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Cerebral palsy and Erb’s palsy claims

Injuries caused by childbirth

We have considerable experience of acting for many children who have suffered the devastating complications of brain injury, either during or shortly after childbirth. We have also acted for children who have suffered Erb’s palsy.

It is important that medical negligence cases are investigated thoroughly and that the best experts are involved from the outset. Investigating whether there has been fault and then the value of child birth injury cases is a complex exercise and careful consideration must be given to the child’s current and future needs, including medical treatment, care, equipment (including assistive technology), accommodation and education. This is vital in order to ensure that correct financial provision is made for the child for life.

If you or a member of your family has suffered significant injury as a result of care provided during childbirth and are concerned about the treatment you have received, then it may be possible to pursue a claim for compensation. Ultimately, whether or not there is a claim will depend on the specific circumstances in each case. If you would like some initial advice about a possible cerebral palsy or Erb’s palsy claim then you can call us on 0800 316 8892 or contact us online

Our clients have the added benefit of reference to our private client team at Clarke Willmott which has specific experience of dealing with large sums of compensation for minor children or adults lacking capacity – this includes investment advice, court of protection deputyships and trusts.

Child brain injury and cerebral palsy claims

What is cerebral palsy?

Cerebral palsy is a condition that may affect a person’s co-ordination, movement, motor-skills and cognitive abilities. It is caused by abnormal brain development or a brain injury that occurs during pregnancy, labour or childbirth.

Cerebral palsy compensation claims

This is one of the most devastating and highly litigated areas in birth injury claims. A child born with cerebral palsy will have lifelong care needs and the impact of their needs upon the parents will be life changing. Cerebral palsy is not always the result of birth injury and not always the result of clinical negligence. Sometimes there is no clear cause for the condition and it is often attributed to an unpredictable event during the antenatal period.

Sometimes, cerebral palsy can be the result of oxygen starvation during labour and birth or due to complications in the early neonatal period such as hypoglycaemia, hypocalcaemia or untreated severe jaundice (hyperbilirubinaemia and kernicterus). Not all cases of oxygen starvation will be negligent but there are times where the medical team may have failed to respond to signs of a distressed baby and failed to ensure prompt delivery.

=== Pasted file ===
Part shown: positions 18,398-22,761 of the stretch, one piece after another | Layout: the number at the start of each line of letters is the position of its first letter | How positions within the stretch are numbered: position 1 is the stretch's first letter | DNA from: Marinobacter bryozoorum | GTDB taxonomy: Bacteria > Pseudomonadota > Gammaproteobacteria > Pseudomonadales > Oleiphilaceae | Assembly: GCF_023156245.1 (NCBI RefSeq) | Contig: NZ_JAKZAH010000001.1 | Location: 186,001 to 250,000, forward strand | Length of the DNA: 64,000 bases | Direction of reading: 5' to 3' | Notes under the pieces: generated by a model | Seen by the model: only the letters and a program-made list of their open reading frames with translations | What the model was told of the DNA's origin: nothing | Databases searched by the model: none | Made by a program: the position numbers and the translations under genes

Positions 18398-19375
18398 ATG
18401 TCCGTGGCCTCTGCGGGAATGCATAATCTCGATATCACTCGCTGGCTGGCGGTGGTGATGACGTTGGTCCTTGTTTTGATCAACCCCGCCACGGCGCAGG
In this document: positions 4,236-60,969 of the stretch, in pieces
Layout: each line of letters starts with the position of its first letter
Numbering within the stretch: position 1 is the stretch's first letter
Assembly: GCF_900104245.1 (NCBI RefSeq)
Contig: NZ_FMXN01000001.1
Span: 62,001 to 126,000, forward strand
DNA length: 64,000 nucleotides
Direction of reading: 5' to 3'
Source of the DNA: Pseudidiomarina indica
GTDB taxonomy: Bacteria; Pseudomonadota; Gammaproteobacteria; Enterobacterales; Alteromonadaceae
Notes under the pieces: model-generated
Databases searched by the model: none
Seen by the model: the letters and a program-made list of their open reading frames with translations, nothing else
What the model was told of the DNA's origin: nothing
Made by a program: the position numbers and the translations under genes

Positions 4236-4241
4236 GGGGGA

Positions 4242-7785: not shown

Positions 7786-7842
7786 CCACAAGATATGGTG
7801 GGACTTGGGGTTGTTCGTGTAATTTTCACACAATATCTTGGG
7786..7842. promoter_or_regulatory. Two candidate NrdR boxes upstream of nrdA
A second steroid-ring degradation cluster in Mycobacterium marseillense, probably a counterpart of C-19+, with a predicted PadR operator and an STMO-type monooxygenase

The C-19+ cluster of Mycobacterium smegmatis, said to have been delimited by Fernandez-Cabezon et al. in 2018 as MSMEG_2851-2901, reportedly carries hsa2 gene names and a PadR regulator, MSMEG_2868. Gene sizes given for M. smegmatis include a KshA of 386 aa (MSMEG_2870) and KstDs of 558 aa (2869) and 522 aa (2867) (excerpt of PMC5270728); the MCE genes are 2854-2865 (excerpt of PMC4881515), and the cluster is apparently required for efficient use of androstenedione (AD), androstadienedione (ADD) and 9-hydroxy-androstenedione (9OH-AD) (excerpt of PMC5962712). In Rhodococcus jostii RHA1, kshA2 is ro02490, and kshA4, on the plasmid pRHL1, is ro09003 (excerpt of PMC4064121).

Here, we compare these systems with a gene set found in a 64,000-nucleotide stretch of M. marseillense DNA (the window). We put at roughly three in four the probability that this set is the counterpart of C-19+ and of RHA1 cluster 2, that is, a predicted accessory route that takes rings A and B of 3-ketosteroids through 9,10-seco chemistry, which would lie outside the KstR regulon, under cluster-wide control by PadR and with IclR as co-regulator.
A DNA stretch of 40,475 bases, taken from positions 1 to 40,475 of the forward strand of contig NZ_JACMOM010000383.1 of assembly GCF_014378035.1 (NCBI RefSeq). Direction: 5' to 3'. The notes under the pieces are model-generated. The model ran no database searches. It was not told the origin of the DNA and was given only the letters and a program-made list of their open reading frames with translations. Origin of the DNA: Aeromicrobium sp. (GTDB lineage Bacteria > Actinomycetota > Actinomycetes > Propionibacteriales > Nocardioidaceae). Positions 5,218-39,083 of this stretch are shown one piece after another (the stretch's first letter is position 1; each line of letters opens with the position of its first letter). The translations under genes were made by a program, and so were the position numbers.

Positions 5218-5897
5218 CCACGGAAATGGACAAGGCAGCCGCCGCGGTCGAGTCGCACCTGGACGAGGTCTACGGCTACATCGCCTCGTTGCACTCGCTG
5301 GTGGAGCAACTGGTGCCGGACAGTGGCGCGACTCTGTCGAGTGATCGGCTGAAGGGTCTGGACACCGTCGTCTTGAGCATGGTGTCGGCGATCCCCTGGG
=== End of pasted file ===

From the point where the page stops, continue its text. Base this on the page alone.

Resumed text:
Cerebral palsy claims are notoriously complex and often strongly defended as they are often very valuable claims. It is crucial that you instruct a solicitor who has experience of cerebral palsy claims as they take a very long time to investigate, not least because the most experienced experts have huge waiting lists. They also take a long time to value and it will be necessary for the child to be visited and examined by suitable experts to assess their condition, prognosis and needs.

Erb’s palsy claims

Erb’s palsy is a condition where the baby suffers partial or sometimes complete injury to the brachial plexus nerve complex. A complete injury to the brachial plexus results in a flail (or useless) arm. This injury can occur when the baby’s shoulder becomes stuck behind the mother’s pelvic bone during delivery. This is a condition known as “shoulder dystocia”. Injury to the brachial plexus is almost always avoidable with appropriate recognition of shoulder dystocia and appropriate delivery technique. There are clear practices and protocols for delivery which should be followed in cases of shoulder dystocia.

Legal Aid for brain injuries during childbirth

Clarke Willmott is one of the few firms able to obtain Legal Aid funding in cases where a baby has suffered a brain injury at or around the time of birth. If you are considering making a birth injury claim, always ask a solicitor if they are Legal Aid contract holders, a genuine mark of expertise. You should also ensure that your solicitor is an accredited member of The Law Society, AvMA or APIL specialist Clinical Negligence panels.

There are strict rules which govern whether or not a claim will benefit from Legal Aid and not all claims will be eligible.

Case Examples

  • The medical negligence team acted for the family of P’ who was diagnosed with cerebral palsy following complications during his birth at a local birthing centre and later at a local hospital. Read more here
  • Kerry Fifield, Partner in the Clinical Negligence Team, acted for a 10 year old boy who suffered brain damage at birth due to the negligence of the doctors and midwives involved in his delivery. Read more here